How desperate does Hollywood have to be to vandalize its own movies?. According to the usually reliable projectionist crowd over at Film-Tech.com, Deluxe sent out film prints of Indiana Jones and the Kingdom of the Crystal Skull that had the audio tracks deliberately fucked up as part of some monumentally misguided plan to catch pirates down the line by tracing the audio glitches in their pirated recordings. (The audio tracks of bootlegged movies are often of much higher quality than the video, since pirates have figured out how to tap directly into theatrical sound systems.) The mob at boingboing reports what seems like a high occurrence of anecdotes about screenings of the film where the soundtrack fell back to analog — or dropped out entirely. If this is true, it’s a massive “fuck you” to moviegoers, much worse than those annoying orange dots that serve the same supposed anti-piracy function. My local theaters have a hard enough time maintaining the integrity of picture and sound without the distributors making their lives even more difficult. Just unbelievable. (Via Movie City News.)
Not movie-related, but kinda fascinating, I’d think, for content geeks of any stripe: A Usenet-based team of music obsessives — known, apparently, as The Whitburn Project — has been not only working on creating a huge (illegal) archive of post-1890 pop songs, but also maintaining a huge spreadsheet database of song data, including song length, BPM, label, and more. Andy Baio (Waxy.org) is running the numbers. Today, Baio charts average song duration over time, but promises more to come.
Zhang Ziyi appears in a Mercedes commercial. In China.
Check out this slideshow: Liberty City vs. New York City. What’s especially interesting is, at low resolution, it’s sometimes hard to tell the live-action shots from the videogame grabs.
If you find yourself walking through midtown Manhattan after dark during the next month, I’d encourage you to take a detour into the sculpture garden behind the Museum of Modern Art (enter from 54th Street), where a number of short films made by Doug Aitken are being projected simultaneously onto various glass facades of the building from 5 p.m. to 10 p.m. every night through February 12. (There’s also a projection on the front wall of the museum, on 53rd Street, and another on the wall of the nearby American Museum of Folk Art.) The project is known as Doug Aitken: sleepwalkers.
Bill Chambers was kind enough to send me word earlier in the summer of an impending exhaustive, four-disc (!) version of Dust Devil coming from Subversive Cinema. (I wrote about this and its predecessor, Hardware, at Cinemarati in December.) You might think the last thing the world needs is a fuggin’ four-DVD version of what amounts to a solid B horror movie, cult following or no. But it looks definitive — sure, it’s got the two versions of the film, with audio commentary and a “featurette.” But it’s also got several unrelated documentaries by director Richard Stanley, on the subjects of Afghanistan, Haitian voodoo, and the search for the Holy Grail. Of course it’s possible they all suck. But maybe not. And it can’t help but be a big upgrade from the German DVD I picked up at Mondo Kim’s on St. Mark’s last year. For $29.95, I think I’ll take the chance. Scarecrow Video has it listed as a 9/26 release and is taking pre-orders.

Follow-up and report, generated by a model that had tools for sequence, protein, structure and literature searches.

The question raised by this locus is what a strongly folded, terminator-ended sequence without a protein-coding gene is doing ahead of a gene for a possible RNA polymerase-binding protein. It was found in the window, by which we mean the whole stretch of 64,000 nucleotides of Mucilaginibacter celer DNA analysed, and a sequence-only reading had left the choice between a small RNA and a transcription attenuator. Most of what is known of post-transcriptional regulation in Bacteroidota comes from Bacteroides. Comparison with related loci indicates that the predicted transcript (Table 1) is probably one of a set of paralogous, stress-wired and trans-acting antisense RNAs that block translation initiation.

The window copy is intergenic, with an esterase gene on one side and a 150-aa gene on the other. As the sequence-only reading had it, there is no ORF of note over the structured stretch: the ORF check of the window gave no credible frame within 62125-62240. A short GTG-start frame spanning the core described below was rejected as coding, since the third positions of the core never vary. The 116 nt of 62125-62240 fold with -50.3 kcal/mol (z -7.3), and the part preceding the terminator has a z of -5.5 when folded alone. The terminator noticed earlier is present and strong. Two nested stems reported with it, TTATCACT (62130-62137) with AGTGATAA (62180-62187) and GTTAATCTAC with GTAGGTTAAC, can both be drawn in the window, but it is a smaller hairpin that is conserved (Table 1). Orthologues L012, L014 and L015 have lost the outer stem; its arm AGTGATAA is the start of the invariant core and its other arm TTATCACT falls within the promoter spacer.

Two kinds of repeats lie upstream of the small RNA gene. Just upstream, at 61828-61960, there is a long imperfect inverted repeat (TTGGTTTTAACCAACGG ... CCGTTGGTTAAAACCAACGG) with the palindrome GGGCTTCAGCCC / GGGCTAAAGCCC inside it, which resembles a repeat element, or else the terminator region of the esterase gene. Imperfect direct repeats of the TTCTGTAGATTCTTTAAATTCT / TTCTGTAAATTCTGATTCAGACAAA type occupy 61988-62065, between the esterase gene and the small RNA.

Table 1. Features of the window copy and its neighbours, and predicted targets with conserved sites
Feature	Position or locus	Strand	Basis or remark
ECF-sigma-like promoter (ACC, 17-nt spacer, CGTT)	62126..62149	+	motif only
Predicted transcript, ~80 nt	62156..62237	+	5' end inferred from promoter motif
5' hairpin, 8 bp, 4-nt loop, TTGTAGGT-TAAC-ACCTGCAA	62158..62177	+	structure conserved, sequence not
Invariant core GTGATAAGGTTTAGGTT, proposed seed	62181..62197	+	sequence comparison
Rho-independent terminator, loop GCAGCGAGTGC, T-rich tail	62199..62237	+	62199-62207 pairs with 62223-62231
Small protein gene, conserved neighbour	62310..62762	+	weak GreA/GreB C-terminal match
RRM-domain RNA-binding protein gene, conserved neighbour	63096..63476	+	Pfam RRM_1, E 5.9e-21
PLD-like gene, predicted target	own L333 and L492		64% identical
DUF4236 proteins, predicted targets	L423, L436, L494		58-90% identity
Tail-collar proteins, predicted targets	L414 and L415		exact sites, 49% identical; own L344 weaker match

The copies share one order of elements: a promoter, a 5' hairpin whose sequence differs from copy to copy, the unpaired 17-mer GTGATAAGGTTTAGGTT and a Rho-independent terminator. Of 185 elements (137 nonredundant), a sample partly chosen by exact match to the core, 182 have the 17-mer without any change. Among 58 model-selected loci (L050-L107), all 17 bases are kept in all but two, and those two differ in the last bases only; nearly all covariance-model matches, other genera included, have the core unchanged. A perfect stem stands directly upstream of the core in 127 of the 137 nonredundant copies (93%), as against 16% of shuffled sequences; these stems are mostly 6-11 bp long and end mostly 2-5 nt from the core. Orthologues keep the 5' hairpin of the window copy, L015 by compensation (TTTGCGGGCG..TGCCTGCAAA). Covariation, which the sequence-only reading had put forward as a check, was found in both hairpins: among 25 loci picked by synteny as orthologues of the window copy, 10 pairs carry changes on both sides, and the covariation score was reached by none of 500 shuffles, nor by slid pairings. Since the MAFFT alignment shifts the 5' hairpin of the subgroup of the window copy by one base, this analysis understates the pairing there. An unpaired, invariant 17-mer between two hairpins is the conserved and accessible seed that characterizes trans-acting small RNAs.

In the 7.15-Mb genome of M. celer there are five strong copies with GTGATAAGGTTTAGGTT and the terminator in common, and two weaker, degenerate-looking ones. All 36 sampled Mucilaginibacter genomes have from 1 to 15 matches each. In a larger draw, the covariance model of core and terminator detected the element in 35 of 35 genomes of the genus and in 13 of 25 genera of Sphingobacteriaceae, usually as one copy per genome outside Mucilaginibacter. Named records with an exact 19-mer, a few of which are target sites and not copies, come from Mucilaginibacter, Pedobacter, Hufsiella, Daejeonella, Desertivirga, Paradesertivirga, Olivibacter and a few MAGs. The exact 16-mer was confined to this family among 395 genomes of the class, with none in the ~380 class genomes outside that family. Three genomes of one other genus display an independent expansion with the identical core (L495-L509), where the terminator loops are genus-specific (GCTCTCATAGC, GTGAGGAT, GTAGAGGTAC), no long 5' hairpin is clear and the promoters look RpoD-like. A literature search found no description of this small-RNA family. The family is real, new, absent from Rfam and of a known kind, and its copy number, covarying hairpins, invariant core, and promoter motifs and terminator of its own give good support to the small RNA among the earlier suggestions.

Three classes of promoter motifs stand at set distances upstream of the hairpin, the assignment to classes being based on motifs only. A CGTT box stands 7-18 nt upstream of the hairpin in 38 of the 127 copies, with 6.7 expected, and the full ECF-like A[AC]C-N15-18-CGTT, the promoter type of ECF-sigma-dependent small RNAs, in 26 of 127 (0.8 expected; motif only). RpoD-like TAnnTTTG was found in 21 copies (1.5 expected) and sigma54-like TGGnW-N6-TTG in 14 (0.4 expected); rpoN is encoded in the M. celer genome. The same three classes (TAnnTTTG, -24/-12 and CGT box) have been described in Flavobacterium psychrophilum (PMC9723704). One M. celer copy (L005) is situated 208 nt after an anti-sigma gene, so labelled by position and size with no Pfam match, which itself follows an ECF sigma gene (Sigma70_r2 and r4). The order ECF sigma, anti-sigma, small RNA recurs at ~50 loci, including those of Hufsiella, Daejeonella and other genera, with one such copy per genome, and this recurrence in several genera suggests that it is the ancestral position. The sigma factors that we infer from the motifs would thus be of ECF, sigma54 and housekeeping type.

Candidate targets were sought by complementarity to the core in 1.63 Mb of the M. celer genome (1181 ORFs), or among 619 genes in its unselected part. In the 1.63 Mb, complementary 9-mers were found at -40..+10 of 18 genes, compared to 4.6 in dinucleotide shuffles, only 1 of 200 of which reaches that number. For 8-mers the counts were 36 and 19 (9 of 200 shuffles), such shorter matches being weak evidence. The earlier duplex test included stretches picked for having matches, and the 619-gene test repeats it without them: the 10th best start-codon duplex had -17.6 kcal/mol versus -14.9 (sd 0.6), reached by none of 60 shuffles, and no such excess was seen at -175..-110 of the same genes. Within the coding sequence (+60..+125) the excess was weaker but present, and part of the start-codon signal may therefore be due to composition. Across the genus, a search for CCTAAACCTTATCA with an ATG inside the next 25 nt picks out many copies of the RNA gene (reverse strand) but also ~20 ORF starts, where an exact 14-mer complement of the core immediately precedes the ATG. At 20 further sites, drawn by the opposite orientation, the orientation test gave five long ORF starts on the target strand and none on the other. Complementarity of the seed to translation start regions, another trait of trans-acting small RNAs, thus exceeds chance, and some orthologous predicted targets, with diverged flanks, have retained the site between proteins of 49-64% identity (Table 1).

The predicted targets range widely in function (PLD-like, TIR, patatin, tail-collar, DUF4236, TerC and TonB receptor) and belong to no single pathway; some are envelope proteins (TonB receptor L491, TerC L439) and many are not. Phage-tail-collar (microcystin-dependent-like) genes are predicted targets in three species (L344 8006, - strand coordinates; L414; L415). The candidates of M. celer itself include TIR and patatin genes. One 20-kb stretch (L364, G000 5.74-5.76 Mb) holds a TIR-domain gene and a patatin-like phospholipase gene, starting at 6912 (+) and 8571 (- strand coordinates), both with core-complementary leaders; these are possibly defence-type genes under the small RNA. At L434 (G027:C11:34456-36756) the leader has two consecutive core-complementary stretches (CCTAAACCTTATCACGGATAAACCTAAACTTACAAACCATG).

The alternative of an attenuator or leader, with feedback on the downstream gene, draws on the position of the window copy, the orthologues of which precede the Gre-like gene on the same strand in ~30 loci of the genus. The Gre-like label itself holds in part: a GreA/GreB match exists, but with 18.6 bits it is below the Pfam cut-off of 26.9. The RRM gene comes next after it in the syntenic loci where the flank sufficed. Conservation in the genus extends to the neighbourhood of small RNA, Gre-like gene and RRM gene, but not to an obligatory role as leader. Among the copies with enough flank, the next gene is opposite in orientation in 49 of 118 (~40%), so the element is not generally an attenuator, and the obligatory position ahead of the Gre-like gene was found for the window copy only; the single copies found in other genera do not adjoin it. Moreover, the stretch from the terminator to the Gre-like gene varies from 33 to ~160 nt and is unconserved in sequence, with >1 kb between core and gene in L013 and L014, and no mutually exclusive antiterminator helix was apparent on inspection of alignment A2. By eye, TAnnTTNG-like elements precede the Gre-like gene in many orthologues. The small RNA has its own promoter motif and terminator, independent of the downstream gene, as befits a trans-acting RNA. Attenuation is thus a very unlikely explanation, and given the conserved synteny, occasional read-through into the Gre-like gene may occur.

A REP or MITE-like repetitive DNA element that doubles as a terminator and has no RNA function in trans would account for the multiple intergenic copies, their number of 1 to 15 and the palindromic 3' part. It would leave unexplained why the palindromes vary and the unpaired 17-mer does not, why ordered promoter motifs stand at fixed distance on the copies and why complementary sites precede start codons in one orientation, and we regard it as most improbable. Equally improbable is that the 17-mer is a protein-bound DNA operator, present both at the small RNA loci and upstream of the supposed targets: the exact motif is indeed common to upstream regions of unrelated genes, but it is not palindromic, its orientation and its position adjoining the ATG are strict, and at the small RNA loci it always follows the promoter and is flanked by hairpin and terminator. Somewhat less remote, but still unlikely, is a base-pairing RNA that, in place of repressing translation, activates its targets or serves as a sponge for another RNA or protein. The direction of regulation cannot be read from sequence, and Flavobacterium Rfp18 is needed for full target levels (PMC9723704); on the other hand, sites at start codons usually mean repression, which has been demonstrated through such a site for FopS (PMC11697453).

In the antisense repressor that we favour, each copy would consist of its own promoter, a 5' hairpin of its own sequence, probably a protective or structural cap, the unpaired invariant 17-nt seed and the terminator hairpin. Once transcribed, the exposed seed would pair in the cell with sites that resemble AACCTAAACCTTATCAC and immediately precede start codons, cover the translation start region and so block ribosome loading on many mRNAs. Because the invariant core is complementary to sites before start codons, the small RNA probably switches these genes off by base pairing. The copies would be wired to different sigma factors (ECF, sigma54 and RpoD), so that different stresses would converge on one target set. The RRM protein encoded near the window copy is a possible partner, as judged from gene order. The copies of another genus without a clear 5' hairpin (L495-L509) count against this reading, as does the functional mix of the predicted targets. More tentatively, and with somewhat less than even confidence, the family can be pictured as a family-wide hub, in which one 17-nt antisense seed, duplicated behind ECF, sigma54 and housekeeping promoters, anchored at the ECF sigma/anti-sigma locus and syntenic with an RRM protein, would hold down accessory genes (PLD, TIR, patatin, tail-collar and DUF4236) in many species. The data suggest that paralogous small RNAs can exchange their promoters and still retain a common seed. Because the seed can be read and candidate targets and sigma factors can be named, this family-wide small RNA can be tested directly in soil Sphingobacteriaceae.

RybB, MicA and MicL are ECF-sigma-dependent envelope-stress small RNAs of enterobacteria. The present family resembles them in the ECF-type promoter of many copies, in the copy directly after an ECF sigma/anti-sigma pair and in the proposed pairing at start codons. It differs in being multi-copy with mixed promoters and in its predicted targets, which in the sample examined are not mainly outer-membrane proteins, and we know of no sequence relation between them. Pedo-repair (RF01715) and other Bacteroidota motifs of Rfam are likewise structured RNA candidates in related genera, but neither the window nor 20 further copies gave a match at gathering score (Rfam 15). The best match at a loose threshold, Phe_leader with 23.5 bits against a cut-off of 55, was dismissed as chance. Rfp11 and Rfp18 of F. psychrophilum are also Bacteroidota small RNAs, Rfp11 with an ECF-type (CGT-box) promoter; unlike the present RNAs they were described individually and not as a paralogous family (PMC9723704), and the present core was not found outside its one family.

Turner Classic Movies is having a Studio Ghibli fest every Thursday during the month of January. Films are being shown in their English-dubbed versions in the evenings, so you can safely go about your regular routine. But during the overnight hours, each one will be re-broadcast in the original Japanese. Which is, of course, the only way to fly.
TCM is a fine channel — there are no commercial interruptions, films are uncut, and these will likely be letterboxed. And Ghibli impresario Hayao Miyazaki, who directed most of these titles, is a filmmaker and fantasist second to none. Trust me on this. Even if you think you hate anime, you really need to go there; Miyazaki’s work stands well apart from the rest of the genre. The films included in the series are Spirited Away, Princess Mononoke, Nausicaa of the Valley, Castle in the Sky, My Neighbor Totoro, Porco Rosso, Whisper of the Heart, Only Yesterday, and Pom Poko.
While you wait for that new Pixar feature to make its way to theater screens, check out this blast from the past — a spectacular stunt-heavy advertisement for the Isuzu Gemini (also marketed as the Pontiac Sunbird) from the days before photoreal CG models of cars made this a cakewalk for any L.A. visual effects house. If you appreciate old-school stuntwork, I bet this footage will induce some pleasant combination of nostalgia and exhilaration.
OK, I’m a sucker for bootlegs and mashups, a genre that in its contemporary incarnation was sort of pioneered by Steinski and crew, whose “Lessons 1-3” (the mirrored links on that page still seem to work) are some kind of turntablist landmarks — and whose “The Motorcade Sped On” and especially “It’s Up to You” (Real audio) are savvy outlaw takes on the mass media.
If you went on a bender involving tequila, cough syrup, and/or some kind of mild hallucinogen and kept Fox News on while you dozed in the La-Z-Boy, your cumulative experience might eventually feel something like Big Screen Version (the link leads to an embedded QuickTime video). The man with the NLE is Aaron Valdez, late of Pasadena, Texas, and now living in Iowa City. His video mix is unrelated to Steinski, but it’s pretty entertaining.